Service and Support Animal Guidelines


Statement of Policy

The Harrison Memorial Library has a legal obligation to the public to ensure that library facilities are available without discrimination to all who choose to use it and to ensure that the library environment is a safe one. This policy seeks to define the library’s policy on the presence of animals at the library and the rights and responsibilities of both the library and its patrons with regard to the presence of animals at the library.

In accordance with the Americans With Disabilities Act (ADA), service animals are welcomed and permitted in the Harrison Memorial Main Library and Park Branch Library facilities. Only animals that serve as a service animal, as defined below, or animals that are participating in a library event, are allowed in the library.


Service Animal: Per the ADA service animals are defined as dogs or miniature horses that are individually trained to do work or perform tasks for people with disabilities. “Examples of such work or tasks include guiding people who are blind, alerting people who are deaf, pulling a wheelchair, alerting and protecting a person who is having a seizure, reminding a person with mental illness to take prescribed medications, calming a person with Post Traumatic Stress Disorder (PTSD) during an anxiety attack, or performing other duties. Service animals are working animals, not pets. The work or task a dog has been trained to provide must be directly related to the person’s disability.” In regards to miniature horses, they generally range in height from 24 inches to 34 inches measured to the shoulders and generally weigh between 70 and 100 pounds. Per the ADA, size and weight can be factors in determining if the Library is able to accommodate this type of service animal.

Support Animal: Sometimes referred to as an assistance animal, comfort animal, therapy animal or companion animal, a support animal is an animal that provides emotional or other support/assistance that alleviates one or more identified symptoms or effects of a person’s disability. Unlike a Service Animal, a Support Animal does not necessarily assist a person with a disability with activities of daily living, nor does it accompany a person with a disability at all times.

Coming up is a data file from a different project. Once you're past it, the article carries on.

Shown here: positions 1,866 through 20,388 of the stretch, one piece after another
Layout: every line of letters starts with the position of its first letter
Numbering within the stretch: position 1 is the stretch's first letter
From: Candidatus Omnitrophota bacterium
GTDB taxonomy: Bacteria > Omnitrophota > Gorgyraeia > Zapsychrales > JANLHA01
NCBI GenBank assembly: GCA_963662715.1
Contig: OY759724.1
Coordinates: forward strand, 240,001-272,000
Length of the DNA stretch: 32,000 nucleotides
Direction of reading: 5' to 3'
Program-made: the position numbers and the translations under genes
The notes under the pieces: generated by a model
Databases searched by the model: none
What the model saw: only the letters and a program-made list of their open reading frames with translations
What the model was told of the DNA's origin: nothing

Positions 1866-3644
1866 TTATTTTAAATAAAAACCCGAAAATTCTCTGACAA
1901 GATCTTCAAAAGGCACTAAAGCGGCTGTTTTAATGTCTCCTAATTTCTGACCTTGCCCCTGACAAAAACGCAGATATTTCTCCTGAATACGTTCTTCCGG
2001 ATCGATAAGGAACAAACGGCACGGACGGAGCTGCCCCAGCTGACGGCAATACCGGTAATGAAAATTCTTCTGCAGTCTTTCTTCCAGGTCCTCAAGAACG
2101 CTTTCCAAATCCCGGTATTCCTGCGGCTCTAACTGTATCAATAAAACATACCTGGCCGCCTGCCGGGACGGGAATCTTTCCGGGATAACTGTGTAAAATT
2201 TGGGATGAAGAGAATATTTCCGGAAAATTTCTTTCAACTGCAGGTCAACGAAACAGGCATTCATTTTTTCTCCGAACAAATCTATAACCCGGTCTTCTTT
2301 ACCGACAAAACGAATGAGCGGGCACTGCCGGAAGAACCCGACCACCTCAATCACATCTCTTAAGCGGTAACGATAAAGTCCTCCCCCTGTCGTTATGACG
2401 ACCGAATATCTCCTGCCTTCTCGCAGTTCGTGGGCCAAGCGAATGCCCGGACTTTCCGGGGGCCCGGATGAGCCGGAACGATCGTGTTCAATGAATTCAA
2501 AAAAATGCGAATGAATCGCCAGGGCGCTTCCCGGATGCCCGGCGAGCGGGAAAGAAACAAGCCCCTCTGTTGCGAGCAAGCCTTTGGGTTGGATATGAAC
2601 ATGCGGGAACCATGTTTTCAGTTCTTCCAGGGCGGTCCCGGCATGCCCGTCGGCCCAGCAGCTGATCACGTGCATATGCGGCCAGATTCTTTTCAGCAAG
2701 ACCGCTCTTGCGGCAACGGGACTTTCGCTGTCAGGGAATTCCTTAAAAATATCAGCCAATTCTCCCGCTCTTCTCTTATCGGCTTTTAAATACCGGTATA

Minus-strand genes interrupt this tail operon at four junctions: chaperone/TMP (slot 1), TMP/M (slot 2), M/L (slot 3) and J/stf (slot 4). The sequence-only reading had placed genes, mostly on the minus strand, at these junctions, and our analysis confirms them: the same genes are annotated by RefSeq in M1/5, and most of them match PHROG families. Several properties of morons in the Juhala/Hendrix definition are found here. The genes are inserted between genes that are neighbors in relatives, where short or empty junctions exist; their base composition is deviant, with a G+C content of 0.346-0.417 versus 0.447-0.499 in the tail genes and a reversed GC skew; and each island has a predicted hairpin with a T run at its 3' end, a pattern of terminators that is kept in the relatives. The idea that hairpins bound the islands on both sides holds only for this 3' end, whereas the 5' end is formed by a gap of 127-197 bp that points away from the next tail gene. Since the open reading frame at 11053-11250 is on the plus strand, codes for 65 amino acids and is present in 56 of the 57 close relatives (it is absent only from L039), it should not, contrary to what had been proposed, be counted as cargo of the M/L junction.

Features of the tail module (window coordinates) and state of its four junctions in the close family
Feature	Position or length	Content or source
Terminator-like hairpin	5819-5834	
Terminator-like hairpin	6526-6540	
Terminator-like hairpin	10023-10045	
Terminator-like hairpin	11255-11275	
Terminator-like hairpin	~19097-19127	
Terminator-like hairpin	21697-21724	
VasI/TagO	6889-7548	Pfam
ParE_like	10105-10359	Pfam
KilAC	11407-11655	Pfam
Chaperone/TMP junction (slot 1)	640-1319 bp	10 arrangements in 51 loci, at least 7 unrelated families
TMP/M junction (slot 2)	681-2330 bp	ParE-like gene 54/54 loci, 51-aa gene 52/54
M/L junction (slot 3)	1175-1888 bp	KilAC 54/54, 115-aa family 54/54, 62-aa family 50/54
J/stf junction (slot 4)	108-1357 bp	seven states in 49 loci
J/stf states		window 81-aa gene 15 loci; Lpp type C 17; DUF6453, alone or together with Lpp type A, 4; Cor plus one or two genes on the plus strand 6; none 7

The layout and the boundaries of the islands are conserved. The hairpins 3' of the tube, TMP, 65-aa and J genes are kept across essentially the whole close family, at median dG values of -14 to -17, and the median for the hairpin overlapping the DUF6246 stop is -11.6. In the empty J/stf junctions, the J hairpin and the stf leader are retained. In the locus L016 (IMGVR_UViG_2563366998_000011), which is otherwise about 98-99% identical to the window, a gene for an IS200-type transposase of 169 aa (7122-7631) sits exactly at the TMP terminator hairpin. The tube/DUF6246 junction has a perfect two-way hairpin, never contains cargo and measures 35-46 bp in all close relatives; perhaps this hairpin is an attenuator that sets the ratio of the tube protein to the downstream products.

In order to help maintain a pleasant, productive, and safe environment for all Library users and staff, the following behavioral guidelines for service animals are to be observed:

  • Service animals must be in physical proximity with their handler and under handler control at all times.
  • Service animals may not be left unattended by their handler at any time.
  • Service animals must be on a leash or harness at all times unless the use of a leash or harness interferes with the animal’s effective performance of its designated task(s). If the animal cannot be leashed or harnessed, it must be under the handler’s control via voice, signals, or other effective means at all times.
  • Service animals must not display disruptive behavior such as barking and growling and must conform to the Library’s Rules of Conduct.
  • Service animals must be housebroken and their handler is responsible for any upkeep or clean-up of the animal.

If a service animal’s behaviors or actions pose an unreasonable or direct threat to the health or safety of others, or do not conform to these guidelines, it may not remain in a Library facility. In accordance with ADA guidelines, non-compliance of guidelines can be grounds for a request to remove a service animal from a Library facility. If the service animal is excluded from a Library facility, the individual with the disability is welcomed to stay and be reasonably accommodated by Library staff.

California does not have a law or program by which an animal certified to be a service animal nor does it require the animal to wear any identifying tag or garment that identifies the animal as a service animal. Although some service animals wear identifying harnesses or special collars, there is no requirement that service animals be so identified.

Library staff is permitted to ask two questions of a patron with an animal to determine if the animal has been trained to provide a specific service to a person with a disability:

  • Is the animal a service animal?
  • Has the animal been trained to perform a health related or supportive task?

Fraudulently misrepresenting guide, signal or service dogs is a misdemeanor.  Any person who knowingly and fraudulently represents himself or herself, through verbal or written notice, to be the owner or trainer of any canine licensed/qualified/identified as a guide, signal, or service dog shall be guilty of a misdemeanor punishable by imprisonment in the county jail not exceeding 6 months, by a fine not exceeding $1,000, or by both fine and imprisonment. (California Code, Penal Code – PEN § 365.7)

(Adopted by the Harrison Memorial Library Board of Trustees September 2018.)